South China Sea: Duterte to create US alliance to take on Beijing over disputed waters
Duterte set to adopt 'more friendly' US approach says expert
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Philippines President Rodrigo Duterte’s new policies are set to be “more friendly” towards the US following his failure to make a deal with China over the South China Sea. Associate Fellow with the Asia-Pacific Programme at Chatham House, Bill Hayton, explained Mr Rodrigo has faced “a bit of backlash” for his approach to Beijing’s movements in the South China Sea. Speaking to Express.co.uk, Mr Hayton said: “Mr Duterte is a very individual politician. I guess you could call him a populist.
“He doesn’t like the United States and he enjoys winding up American audiences.
“He’s a nationalist, he wants people to be proud of being Filipino and that’s led him into these strange positions where he’s thought being closer to China is a way of the Philippines for itself.
“I think there’s quite a lot of push back in the Philippines now. I think people have seen that even though they’re trying to do a deal with China, China hasn’t been willing to do a deal on terms that the Philippines can agree to.
“I think that’s causing a bit of a backlash. Mr Duterte’s got another year left in office and I think we’re going to see a slightly different set of policies coming out of him.
“One’s that are more skeptical towards China and by default be more friendly towards the United States.”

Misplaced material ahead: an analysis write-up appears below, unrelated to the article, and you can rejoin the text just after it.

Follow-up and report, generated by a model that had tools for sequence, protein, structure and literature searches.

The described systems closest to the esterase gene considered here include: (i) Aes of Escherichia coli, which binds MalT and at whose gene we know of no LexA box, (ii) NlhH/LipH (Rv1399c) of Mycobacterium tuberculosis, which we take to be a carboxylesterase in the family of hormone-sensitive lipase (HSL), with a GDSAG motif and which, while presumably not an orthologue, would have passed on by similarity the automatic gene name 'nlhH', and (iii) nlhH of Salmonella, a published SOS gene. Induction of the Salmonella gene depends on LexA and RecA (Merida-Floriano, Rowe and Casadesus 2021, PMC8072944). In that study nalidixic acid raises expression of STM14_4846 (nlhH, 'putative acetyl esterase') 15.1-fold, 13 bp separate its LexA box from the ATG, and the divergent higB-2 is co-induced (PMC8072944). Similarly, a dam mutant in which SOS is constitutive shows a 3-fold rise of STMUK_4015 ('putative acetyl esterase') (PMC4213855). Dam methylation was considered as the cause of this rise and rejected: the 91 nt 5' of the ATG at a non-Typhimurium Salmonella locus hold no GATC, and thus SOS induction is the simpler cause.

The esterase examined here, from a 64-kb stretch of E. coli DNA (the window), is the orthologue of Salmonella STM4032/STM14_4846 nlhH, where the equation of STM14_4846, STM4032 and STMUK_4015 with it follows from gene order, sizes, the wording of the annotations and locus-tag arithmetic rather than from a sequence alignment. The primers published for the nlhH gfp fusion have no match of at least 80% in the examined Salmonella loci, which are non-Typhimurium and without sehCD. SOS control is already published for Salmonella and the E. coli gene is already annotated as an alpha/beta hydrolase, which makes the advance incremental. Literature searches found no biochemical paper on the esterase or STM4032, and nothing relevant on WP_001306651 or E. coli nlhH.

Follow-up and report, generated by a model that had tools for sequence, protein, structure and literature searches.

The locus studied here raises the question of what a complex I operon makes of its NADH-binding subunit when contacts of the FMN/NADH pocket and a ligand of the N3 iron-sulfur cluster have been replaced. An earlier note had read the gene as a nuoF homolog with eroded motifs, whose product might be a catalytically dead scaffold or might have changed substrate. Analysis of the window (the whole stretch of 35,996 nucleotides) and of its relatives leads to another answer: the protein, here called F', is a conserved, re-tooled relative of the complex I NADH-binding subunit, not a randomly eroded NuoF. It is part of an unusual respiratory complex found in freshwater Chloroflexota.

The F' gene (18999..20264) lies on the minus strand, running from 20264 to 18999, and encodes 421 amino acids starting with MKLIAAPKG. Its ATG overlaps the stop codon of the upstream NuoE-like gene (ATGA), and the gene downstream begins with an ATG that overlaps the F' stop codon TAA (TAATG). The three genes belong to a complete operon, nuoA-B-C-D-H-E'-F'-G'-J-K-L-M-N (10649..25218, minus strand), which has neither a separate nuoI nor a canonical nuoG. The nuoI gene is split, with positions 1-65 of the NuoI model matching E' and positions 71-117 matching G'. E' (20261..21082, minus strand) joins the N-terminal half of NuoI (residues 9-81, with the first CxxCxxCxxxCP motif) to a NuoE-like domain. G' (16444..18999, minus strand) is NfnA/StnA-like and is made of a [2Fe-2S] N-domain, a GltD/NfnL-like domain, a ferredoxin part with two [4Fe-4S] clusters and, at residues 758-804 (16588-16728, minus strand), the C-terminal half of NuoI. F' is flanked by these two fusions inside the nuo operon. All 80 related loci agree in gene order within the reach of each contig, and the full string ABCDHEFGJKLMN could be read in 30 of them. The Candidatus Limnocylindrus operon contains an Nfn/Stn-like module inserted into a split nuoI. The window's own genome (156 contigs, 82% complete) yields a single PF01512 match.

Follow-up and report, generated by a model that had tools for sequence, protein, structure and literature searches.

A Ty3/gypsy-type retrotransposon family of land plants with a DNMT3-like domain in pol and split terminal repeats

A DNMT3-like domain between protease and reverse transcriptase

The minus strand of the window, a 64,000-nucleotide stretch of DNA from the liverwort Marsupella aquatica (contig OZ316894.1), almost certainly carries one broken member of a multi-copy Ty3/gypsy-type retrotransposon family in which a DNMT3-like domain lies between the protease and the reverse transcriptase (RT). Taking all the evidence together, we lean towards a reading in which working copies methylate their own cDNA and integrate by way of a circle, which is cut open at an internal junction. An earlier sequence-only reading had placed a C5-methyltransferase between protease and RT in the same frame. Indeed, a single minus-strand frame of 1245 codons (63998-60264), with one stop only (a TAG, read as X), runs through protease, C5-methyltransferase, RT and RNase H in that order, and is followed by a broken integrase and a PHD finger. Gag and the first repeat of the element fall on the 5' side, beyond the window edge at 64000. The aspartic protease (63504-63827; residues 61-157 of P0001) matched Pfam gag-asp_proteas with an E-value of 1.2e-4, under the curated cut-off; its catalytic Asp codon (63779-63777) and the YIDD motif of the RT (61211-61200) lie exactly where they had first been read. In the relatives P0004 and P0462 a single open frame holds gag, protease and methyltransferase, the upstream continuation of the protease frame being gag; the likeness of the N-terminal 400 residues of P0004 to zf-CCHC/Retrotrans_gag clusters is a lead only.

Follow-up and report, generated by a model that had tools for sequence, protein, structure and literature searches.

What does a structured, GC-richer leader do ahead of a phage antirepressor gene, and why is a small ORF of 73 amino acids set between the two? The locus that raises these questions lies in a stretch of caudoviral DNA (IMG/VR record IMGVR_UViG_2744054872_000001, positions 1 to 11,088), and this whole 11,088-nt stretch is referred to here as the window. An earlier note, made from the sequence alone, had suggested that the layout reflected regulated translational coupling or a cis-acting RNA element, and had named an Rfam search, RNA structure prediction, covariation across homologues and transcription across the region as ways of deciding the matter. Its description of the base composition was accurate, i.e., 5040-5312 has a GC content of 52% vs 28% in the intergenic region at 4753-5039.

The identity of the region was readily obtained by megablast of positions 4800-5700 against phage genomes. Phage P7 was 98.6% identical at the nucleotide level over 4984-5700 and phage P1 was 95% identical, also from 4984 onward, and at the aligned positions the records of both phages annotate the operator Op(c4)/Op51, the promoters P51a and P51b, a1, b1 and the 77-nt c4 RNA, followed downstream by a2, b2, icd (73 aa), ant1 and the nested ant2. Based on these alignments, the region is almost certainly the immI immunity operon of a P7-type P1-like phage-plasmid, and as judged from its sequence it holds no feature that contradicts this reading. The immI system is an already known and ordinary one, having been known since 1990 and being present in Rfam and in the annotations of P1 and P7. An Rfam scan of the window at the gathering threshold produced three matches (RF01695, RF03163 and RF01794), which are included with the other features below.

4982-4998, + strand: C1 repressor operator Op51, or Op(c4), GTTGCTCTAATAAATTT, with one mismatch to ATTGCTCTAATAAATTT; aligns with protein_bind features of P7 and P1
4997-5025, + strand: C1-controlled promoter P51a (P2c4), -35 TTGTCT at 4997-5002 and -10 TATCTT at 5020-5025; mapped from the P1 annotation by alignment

It comes as Vice President Kamala Harris will focus on defending international rules in the South China Sea, strengthening US regional leadership and expanding security cooperation during her trip to Vietnam and Singapore this month, a senior White House official told Reuters.
Harris will be the first U.S. vice president to visit Vietnam as Washington seeks to bolster international support to counter China’s growing global influence.
The US official said Washington saw both countries as critical partners given their locations, the size of their economies, trade ties and security partnerships on issues such as the South China Sea, which China claims almost in its entirety.
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Former US foe Vietnam has been a vocal opponent of China’s South China Sea claims.
Countries in the region largely welcome the US military presence there in the face of China’s militarization of the waterway and its vast coastguard and fishing fleet.
“We do not want to see any country dominate that region or take advantage of the power situation to compromise the sovereignty of others,” the White House official said.
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“The Vice President is going to underscore that there should be free passage for trade, throughout the South China Sea, and no single country should disrespect the right of others.”
The US Navy has maintained a steady pattern of freedom of navigation operations in the South China Sea and near Taiwan but these appear to have done little to discourage Beijing.
Harris’ trip will follow one by Defense Secretary Lloyd Austin last week to Hanoi, where he sought to nudge forward steadily deepening security ties.
It will also follow high-level talks between U.S. Deputy Secretary of State Wendy Sherman and senior Chinese diplomats last month that did little to ease deeply strained ties.
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